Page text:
In default, defiance

‘Choice of default’ is a theme which has come up a few times on the blog: in general, many people accept the options/settings presented to them, and do not question or attempt to alter them. The possibilities for controlling or shaping users’ behaviour in this way are, clearly, enormous; two interesting examples have recently been brought to my attention (thanks to Chris Weightman and Patrick Kalaher):

Send to FedEx Kinko's button in Adobe Reader

Recent versions of Adobe’s PDF creation and viewing software, Acrobat Professional and Adobe Reader (screenshot above) have ‘featured’ a button on the toolbar (and a link in the File menu) entitled “Send to FedEx Kinko’s” which upload the document to FedEx Kinko’s online printing service. As Gavin Clarke reports in The Register, this choice of default (the result of a tie-in between Adobe and FedEx) has irritated other printing companies and trade bodies sufficiently for Adobe to agree to remove the element from the software:

Adobe Systems has scrapped the “send to FedEx Kinkos” print button in iAdobe Reader and Acrobat Professional, in the face of overwhelming opposition from America’s printing companies.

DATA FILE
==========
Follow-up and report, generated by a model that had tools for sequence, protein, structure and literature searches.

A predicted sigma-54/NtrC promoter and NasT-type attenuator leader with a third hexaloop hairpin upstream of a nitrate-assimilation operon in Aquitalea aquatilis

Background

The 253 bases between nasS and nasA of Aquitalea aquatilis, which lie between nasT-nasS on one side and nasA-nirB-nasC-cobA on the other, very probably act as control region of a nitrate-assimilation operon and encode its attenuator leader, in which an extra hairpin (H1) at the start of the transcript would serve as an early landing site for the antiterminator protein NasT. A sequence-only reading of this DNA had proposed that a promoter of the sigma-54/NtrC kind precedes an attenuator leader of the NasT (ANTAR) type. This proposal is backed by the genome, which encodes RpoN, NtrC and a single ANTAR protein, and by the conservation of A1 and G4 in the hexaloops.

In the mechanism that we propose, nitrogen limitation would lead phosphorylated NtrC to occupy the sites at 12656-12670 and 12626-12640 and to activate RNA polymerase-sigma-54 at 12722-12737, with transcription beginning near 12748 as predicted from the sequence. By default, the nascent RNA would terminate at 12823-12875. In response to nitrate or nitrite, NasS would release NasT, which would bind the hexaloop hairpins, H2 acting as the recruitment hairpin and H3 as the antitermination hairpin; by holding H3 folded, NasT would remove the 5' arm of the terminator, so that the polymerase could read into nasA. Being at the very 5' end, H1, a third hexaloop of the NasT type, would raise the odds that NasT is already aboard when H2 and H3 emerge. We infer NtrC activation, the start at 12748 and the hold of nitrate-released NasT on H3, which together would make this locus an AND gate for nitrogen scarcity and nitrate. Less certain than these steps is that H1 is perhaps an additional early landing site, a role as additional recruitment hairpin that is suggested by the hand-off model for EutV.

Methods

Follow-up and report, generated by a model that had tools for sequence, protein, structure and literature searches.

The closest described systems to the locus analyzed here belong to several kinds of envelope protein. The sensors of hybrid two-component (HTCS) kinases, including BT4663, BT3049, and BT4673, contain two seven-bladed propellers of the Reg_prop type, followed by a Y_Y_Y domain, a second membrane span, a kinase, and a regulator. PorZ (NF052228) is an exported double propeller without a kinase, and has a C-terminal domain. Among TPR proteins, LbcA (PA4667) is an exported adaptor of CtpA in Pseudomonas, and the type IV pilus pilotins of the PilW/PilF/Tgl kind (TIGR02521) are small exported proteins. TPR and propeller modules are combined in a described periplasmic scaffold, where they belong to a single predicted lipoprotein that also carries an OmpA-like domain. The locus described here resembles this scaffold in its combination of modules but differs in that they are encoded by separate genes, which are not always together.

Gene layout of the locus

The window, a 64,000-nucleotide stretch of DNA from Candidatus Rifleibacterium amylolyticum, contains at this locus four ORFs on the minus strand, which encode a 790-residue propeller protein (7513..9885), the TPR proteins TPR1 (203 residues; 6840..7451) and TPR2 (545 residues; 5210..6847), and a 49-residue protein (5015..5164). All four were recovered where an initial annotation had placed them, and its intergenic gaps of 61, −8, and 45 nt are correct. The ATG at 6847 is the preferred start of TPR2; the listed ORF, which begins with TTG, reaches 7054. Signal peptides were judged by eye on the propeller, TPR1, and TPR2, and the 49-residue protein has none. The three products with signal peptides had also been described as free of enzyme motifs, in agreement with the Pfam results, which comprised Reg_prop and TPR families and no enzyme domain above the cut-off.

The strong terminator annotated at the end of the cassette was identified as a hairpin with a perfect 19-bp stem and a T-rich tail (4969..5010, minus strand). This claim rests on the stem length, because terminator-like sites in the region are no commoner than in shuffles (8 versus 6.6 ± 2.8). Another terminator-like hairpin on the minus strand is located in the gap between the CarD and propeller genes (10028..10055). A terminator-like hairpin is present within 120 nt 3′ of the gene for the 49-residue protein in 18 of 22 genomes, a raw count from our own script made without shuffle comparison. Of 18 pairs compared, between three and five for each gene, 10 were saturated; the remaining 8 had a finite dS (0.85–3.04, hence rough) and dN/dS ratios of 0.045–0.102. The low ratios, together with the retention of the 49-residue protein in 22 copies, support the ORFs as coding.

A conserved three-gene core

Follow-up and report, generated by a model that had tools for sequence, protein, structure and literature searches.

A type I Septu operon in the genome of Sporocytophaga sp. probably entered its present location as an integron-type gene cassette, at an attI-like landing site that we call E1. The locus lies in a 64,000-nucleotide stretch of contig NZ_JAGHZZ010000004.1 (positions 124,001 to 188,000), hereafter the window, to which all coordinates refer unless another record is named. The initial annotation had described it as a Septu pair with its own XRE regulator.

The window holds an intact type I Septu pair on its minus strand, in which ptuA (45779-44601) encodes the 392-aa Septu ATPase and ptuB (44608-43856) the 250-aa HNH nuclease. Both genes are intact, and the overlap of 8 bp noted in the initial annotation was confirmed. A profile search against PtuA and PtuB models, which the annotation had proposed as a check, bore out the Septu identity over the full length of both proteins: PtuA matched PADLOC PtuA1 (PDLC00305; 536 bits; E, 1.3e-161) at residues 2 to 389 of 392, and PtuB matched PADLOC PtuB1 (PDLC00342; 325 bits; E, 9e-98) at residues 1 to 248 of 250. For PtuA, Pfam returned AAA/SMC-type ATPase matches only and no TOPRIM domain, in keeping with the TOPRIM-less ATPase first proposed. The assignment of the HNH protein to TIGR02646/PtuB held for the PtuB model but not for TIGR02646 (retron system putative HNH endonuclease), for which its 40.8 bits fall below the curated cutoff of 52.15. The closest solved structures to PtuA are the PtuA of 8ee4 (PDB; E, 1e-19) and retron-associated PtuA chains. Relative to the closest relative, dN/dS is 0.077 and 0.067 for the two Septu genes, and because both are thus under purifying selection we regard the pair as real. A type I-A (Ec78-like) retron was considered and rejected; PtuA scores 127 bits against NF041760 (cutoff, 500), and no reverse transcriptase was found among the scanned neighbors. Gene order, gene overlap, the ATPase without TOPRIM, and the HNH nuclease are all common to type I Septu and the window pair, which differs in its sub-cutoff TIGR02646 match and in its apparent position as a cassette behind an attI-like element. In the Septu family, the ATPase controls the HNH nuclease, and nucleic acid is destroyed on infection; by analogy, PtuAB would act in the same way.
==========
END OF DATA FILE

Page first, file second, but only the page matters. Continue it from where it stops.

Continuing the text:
Adobe said today it would release an update to its software in 10 weeks that will remove the ability to send PDFs to FedEx Kinkos for printing at the touch of a button.

No doubt the idea of linking to a service that’s often the only choice presented to consumers in the track towns of Silicon Valley made eminent sense to Adobe, itself based in San Jose, California. But the company quickly incurred the wrath of printers outside the Valley for including a button to their biggest competitor, in software used widely by the design and print industry.

I wonder how many users of Acrobat/Reader actually used the service? Did its inclusion change any users’ printing habits (i.e. they stopped using their current printer and used Kinko’s instead)? And was this due to pure convenience/laziness? Presumably Kinko’s could identify which of their customers originated from clicking the button – were they charged exactly the same as any other customer, or was this an opportunity for price discrimination?

As some of the comments – both on the Register story and on Adobe’s John Loiacono’s bloghave noted, the idea of a built-in facility to send documents to an external printing service is not bad in itself, but allowing the user to configure this, or allowing printing companies to offer their own one-click buttons to users, would be much more desirable from a user’s point of view.